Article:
‘An educational programme needs to provide children this age with discipline, skills and challenging standards, but also with creativity and flexibility,’ she said.
The IB addresses these concerns while helping students develop a personal value system to direct their own lives as thoughtful members of local communities and the larger world.
Middle Years programme students will incorporate such aspects as health and social education, community service and human creativity throughout their coursework.
All of these topics will be examined in an age-appropriate context, and covered using information that is locally relevant and meaningful, while allowing the students to extrapolate what they have learned to other areas of knowledge.
Successfully implemented, such strategies have been shown to produce students who are effective critical thinkers, problem solvers, lifelong learners and productive citizens in an ever changing global society.
While the framework is a good fit with the Cayman goals, challenges remain.
In other jurisdictions, the annual cost of implementing the program is approximately US$13 per student for the Primary Years Programme and $25 per student for the Middle years programme.
Staff training is another cost consideration, with a price tag of about US$500 per educator in other jurisdictions.
It isn’t modest. For every school offering the Primary Years Programme, the IB Organization requires training for a minimum of one teacher per grade level, the school head, the PYP Coordinator and one specialist.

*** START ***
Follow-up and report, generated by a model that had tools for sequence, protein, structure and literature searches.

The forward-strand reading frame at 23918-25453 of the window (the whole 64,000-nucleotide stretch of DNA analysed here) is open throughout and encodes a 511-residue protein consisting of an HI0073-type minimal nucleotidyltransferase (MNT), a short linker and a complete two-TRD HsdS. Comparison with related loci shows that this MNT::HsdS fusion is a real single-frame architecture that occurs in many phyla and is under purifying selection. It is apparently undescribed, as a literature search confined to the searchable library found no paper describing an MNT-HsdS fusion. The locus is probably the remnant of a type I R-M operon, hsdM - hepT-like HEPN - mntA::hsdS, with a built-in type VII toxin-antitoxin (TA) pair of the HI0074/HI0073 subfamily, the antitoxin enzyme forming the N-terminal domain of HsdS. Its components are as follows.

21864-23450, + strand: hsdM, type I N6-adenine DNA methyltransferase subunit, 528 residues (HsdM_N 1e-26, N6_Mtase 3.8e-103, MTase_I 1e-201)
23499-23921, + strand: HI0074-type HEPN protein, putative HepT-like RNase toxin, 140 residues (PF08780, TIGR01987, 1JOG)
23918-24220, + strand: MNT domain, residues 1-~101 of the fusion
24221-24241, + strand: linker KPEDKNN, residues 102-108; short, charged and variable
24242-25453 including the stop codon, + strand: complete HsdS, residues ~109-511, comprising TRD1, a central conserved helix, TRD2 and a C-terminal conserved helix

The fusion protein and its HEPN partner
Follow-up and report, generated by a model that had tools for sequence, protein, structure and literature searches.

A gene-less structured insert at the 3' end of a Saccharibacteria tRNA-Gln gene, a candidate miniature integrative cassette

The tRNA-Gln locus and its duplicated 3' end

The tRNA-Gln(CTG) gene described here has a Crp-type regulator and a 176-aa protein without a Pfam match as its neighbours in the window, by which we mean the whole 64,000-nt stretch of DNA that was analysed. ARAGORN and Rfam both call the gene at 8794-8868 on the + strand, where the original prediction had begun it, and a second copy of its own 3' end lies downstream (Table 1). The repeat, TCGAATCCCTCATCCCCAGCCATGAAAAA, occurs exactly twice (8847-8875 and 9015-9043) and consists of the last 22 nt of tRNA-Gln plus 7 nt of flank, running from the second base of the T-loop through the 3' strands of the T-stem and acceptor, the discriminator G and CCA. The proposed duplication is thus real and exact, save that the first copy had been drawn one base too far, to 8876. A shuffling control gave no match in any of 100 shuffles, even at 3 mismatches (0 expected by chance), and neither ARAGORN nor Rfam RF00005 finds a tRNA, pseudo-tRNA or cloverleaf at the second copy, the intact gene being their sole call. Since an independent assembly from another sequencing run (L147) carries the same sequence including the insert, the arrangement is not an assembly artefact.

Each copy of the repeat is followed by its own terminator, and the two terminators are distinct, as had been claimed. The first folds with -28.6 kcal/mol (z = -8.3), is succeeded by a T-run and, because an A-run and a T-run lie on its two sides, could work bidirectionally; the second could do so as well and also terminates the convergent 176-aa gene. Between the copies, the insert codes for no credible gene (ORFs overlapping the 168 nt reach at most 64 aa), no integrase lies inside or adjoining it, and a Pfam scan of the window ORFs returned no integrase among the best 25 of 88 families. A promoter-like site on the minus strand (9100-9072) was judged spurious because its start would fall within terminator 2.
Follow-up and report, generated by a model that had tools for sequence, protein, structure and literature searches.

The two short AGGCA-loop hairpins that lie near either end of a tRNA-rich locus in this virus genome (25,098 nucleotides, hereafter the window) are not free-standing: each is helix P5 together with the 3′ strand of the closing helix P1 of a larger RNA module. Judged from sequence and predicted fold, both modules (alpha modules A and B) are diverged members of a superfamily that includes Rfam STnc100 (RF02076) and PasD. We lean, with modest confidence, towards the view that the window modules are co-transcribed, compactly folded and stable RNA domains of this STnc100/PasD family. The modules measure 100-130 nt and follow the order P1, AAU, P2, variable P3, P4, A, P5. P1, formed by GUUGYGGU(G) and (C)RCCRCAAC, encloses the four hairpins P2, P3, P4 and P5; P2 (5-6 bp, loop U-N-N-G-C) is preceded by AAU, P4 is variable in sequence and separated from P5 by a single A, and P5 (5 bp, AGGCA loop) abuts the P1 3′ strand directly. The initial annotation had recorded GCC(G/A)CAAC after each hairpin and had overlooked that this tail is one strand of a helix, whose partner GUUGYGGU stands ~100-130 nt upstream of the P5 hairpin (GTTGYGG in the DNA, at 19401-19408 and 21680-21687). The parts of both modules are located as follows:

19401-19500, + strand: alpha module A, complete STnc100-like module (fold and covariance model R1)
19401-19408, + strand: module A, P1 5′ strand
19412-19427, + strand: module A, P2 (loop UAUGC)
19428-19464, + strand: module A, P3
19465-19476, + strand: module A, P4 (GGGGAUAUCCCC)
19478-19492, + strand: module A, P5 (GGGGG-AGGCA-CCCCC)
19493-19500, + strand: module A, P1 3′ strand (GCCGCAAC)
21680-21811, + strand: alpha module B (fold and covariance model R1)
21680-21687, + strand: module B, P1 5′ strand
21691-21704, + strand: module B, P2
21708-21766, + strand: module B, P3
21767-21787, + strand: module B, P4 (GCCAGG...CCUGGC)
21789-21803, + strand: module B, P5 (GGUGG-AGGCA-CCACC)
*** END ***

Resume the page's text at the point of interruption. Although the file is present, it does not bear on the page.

For Middle Years Programme schools, training is required for at least one teacher for each of the eight core subjects, the school head and the MYP Coordinator.
The Department will also need to hire more language teachers, especially at the primary level, as well as a dedicated IB coordinator for each school.
The Education Department is nevertheless optimistic, especially since there is no question reforms are needed, and doing it right the first time will pave a smoother path in the future.
That is not to say adopting the program will allow schools to rest on their laurels. Rather, it will challenge the school system like never before. Worldwide, the IB program stands out for its rigour in holding schools and school systems accountable for the success of their students.
In particular, schools themselves must demonstrate their commitment to the programme and to the students.
But from what he has seen already, Mr. Campbell thinks Cayman is uniquely positioned to succeed on the front that most schools find most challenging.
‘If there’s something that immediately struck us when we got here, it was the tremendous support from government that’s already in place,’ he said.
‘It will really benefit the implementation process, as the schools will not have to go up against government to see changes.’
He says the biggest challenge is now achieving buy-in and cooperation from teachers.
He hopes that this can be accomplished by highlighting that the IB is just an effective approach to teaching, not a curriculum.
‘What we want to emphasise is that IB does not replace local curriculum, local requirements or local sensibilities, and IB never tries to replace local culture with some idealized international culture,’ he said.
‘The intent is not to undermine local control or serve any political master. It’s about providing a way for young people to be educated that works.’
Before any decision is taken on adoption of the IB Programme, the Education Department will be consulting with stakeholders, holding informational forums, and gathering recommendations.
ON THE NET
For further information on the IB and other education initiatives visit: www.brighterfutures.gov.ky
‘If there’s something that immediately struck us when we got here, it was the tremendous support from government that’s already in place. It will really benefit the implementation process, as the schools will not have to go up against government to see changes.’
– Paul Campbell, head of IBO Outreach and Volunteer services